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Big Tent Prompt

January 29, 2011

This week in response to the prompt at Big Tent Poetry, I wrote a poem based a photograph (in this case my father’s maternal grandparents) as if from the point of view of a traveling photographer:

The Pursers Sit for a Photograph

While my city subjects preferred posing
in parlors, familiar furnishings, oak mantles,
doorways framing the family group,
the rural photographs I captured
never failed to take me by surprise.

Always out of doors, they chose backdrops
of mailboxes, ancient oak  trees, wishing wells.
They carried shotguns, whistled for bird dogs.
Sometimes they lugged the dining chairs
into the yard, seating mother and father, sober
and unsmiling, while the children, so many
sometimes, some not much younger
than the current Mrs., evidence of ravages
of toil and childbearing with little time
to regain strength.  These two, though,
proud of their automobile, no mule
required, chose to perch in its foreground,
its headlights like bug eyes, as they look
right at me, squinting into the sun,
him silent just long enough for flash,
then resuming his  tale,  sipping his RC Cola ,
daring to look me right in the eye, to call me Son.

And when she smoothed her skirts, retrieving
the apron she had laid across the mailbox,
just out of the camera’s view, ready to head
back inside where chores awaited, he reached
his giant hand, putting it on her shoulder,
as if to tell her Tarry awhile, little lady.
We’ve got company. Work will wait.

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8 Comments leave one →
  1. January 29, 2011 4:06 am

    Aw, sweet! Love the photo and the photographer’s ‘sense’.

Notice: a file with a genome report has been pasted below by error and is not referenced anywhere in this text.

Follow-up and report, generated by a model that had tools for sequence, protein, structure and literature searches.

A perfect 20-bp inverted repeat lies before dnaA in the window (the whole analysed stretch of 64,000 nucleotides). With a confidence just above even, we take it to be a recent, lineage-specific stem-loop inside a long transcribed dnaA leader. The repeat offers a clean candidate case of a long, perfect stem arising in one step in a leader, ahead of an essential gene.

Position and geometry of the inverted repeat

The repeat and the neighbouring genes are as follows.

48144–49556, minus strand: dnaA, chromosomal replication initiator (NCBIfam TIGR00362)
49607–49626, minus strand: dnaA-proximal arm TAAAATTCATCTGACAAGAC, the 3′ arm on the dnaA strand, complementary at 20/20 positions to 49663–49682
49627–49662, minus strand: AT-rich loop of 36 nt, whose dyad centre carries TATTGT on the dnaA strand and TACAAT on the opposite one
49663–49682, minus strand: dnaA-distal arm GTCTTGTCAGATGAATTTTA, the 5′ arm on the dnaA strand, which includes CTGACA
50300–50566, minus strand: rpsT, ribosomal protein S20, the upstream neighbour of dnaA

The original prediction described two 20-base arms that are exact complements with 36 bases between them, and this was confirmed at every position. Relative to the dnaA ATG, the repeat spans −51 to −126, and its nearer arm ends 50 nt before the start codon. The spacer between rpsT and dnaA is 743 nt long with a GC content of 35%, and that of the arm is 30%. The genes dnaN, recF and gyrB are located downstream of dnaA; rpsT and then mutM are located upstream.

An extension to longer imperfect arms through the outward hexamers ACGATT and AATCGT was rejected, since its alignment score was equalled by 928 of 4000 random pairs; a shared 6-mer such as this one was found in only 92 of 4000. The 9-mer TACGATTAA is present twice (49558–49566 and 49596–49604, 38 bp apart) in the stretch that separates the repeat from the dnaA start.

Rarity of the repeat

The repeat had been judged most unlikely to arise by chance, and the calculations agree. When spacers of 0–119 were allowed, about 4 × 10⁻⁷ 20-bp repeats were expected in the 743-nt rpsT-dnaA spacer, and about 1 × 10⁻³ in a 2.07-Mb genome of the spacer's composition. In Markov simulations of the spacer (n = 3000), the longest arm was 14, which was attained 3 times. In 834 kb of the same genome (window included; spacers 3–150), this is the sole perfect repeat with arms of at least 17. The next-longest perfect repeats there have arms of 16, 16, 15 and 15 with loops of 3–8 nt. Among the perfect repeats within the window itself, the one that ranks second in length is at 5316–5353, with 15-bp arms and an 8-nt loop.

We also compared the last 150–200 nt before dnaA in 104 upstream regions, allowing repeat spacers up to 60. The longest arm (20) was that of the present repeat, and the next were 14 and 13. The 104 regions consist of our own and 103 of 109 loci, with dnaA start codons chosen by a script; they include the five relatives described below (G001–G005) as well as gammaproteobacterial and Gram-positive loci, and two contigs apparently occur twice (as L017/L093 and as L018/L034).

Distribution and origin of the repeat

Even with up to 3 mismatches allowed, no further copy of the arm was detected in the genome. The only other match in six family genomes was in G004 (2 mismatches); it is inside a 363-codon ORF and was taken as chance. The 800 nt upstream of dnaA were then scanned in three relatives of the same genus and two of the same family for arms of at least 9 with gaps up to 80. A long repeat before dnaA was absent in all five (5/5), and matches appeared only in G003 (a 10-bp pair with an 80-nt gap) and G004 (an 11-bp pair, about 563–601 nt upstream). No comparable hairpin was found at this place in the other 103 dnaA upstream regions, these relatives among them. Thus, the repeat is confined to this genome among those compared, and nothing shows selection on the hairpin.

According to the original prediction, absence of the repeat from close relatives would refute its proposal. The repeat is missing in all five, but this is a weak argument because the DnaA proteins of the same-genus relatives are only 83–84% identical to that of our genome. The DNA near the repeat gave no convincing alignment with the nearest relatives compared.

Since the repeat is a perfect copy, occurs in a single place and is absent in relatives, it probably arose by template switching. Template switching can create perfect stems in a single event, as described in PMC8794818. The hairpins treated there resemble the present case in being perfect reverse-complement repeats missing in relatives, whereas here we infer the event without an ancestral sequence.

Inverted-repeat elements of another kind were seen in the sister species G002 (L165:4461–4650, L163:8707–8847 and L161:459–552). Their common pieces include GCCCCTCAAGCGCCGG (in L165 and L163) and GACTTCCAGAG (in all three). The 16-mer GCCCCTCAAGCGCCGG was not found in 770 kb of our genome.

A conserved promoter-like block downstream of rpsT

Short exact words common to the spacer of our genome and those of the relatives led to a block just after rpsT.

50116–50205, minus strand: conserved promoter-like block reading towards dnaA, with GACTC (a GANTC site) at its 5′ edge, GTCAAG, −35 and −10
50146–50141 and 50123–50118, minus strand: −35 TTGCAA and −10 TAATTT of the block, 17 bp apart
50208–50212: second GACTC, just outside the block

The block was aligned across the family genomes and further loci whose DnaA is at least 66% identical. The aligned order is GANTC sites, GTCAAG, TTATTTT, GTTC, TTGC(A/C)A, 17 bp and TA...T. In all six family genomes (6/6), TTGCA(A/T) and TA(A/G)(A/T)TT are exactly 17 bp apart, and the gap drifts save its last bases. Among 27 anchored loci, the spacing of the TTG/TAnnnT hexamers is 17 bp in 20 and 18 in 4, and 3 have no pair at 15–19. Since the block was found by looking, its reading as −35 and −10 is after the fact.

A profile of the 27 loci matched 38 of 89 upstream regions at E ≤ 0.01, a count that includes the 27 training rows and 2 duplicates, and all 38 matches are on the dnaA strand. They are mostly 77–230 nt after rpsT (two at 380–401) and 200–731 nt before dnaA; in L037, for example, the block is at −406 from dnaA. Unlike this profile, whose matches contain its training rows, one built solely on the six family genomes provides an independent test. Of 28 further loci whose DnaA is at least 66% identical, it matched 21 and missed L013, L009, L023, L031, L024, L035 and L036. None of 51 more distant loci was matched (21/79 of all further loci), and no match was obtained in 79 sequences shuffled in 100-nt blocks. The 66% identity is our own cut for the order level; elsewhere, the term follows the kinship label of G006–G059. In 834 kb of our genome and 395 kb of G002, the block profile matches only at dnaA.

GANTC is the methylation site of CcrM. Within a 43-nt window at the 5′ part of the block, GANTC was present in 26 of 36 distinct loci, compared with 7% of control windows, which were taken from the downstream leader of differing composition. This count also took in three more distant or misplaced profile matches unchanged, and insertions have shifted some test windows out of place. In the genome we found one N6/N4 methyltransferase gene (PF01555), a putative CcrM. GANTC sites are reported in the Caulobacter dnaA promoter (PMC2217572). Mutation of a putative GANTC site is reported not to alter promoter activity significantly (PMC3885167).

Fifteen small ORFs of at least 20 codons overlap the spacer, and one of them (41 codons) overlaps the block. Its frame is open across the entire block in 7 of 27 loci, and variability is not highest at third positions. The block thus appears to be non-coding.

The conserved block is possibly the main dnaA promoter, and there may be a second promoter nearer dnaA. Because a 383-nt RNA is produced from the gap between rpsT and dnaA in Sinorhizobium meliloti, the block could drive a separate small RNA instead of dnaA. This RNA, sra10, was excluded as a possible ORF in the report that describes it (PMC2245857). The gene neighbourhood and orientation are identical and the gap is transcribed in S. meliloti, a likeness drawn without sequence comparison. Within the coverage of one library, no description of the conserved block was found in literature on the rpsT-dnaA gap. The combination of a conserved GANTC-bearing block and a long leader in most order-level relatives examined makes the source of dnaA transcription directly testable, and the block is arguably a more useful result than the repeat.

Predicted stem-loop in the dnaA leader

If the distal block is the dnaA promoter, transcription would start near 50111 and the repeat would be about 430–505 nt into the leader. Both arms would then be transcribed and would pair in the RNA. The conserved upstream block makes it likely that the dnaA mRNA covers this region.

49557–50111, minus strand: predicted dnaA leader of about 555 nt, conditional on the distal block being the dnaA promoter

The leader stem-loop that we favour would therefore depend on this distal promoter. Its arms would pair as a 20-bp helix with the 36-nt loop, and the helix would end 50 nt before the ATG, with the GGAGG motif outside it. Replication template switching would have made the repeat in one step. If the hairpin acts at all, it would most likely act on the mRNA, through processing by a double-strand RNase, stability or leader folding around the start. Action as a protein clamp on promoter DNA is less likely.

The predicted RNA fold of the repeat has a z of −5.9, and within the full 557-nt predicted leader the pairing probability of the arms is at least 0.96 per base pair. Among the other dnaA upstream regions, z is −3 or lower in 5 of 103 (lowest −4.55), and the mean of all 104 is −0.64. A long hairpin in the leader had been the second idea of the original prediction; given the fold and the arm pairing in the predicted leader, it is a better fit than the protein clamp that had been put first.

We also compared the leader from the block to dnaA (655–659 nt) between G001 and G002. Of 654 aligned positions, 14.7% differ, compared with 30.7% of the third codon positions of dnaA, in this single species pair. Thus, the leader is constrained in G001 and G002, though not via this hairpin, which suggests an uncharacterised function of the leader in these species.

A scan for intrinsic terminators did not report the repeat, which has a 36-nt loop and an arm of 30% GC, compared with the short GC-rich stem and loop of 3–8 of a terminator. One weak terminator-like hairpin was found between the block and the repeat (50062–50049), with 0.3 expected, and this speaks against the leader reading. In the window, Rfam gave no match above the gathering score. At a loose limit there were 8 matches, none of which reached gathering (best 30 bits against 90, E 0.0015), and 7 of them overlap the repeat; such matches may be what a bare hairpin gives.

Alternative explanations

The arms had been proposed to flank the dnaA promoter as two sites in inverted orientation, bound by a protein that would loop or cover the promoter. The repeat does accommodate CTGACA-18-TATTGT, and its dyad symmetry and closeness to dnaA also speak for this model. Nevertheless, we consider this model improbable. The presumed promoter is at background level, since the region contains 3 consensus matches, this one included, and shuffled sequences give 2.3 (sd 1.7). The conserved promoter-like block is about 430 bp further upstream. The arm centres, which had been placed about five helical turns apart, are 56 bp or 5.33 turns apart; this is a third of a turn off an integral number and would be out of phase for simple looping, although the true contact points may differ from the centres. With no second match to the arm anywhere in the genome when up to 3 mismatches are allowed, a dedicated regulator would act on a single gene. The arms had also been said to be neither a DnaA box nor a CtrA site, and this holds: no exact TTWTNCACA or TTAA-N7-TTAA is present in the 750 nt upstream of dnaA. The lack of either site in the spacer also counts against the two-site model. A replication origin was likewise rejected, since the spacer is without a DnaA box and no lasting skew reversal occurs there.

2. January 29, 2011 5:10 am

    A vivid scene, beautifully painted.

  3. January 29, 2011 1:41 pm

    Wow, Nancy~

    You always have a magical way of putting me right there in your poems. I love the whistling for bird dogs, ravages of childbirth, and description of the old car (no mule required)…

    ~laurie

  4. January 29, 2011 5:07 pm

    I almost had the feeling that your prose was washed in sepia. Your descriptions, along with the POV made me feel like I was the photographer’s assistant, waiting for the next set of instructions, while taking in the scene. (The picture speaks volumes, too.)

  5. January 29, 2011 6:17 pm

    Excellent! What a great poem–loved it. Fit the photo wonderfully.

  6. January 30, 2011 5:49 am

    Awesome poem…

    singular thoughts

  7. January 30, 2011 6:19 pm

    Beautiful narrative. I love the RC (so true to the place & time) & the smiling pride. (I had noticed her smile — so unusual in many photos). The gesture of him having her lounge a bit is sweet. And I long for it to be true.

  8. January 30, 2011 9:20 pm

    Great narrative – and what looks like a treasured photo.

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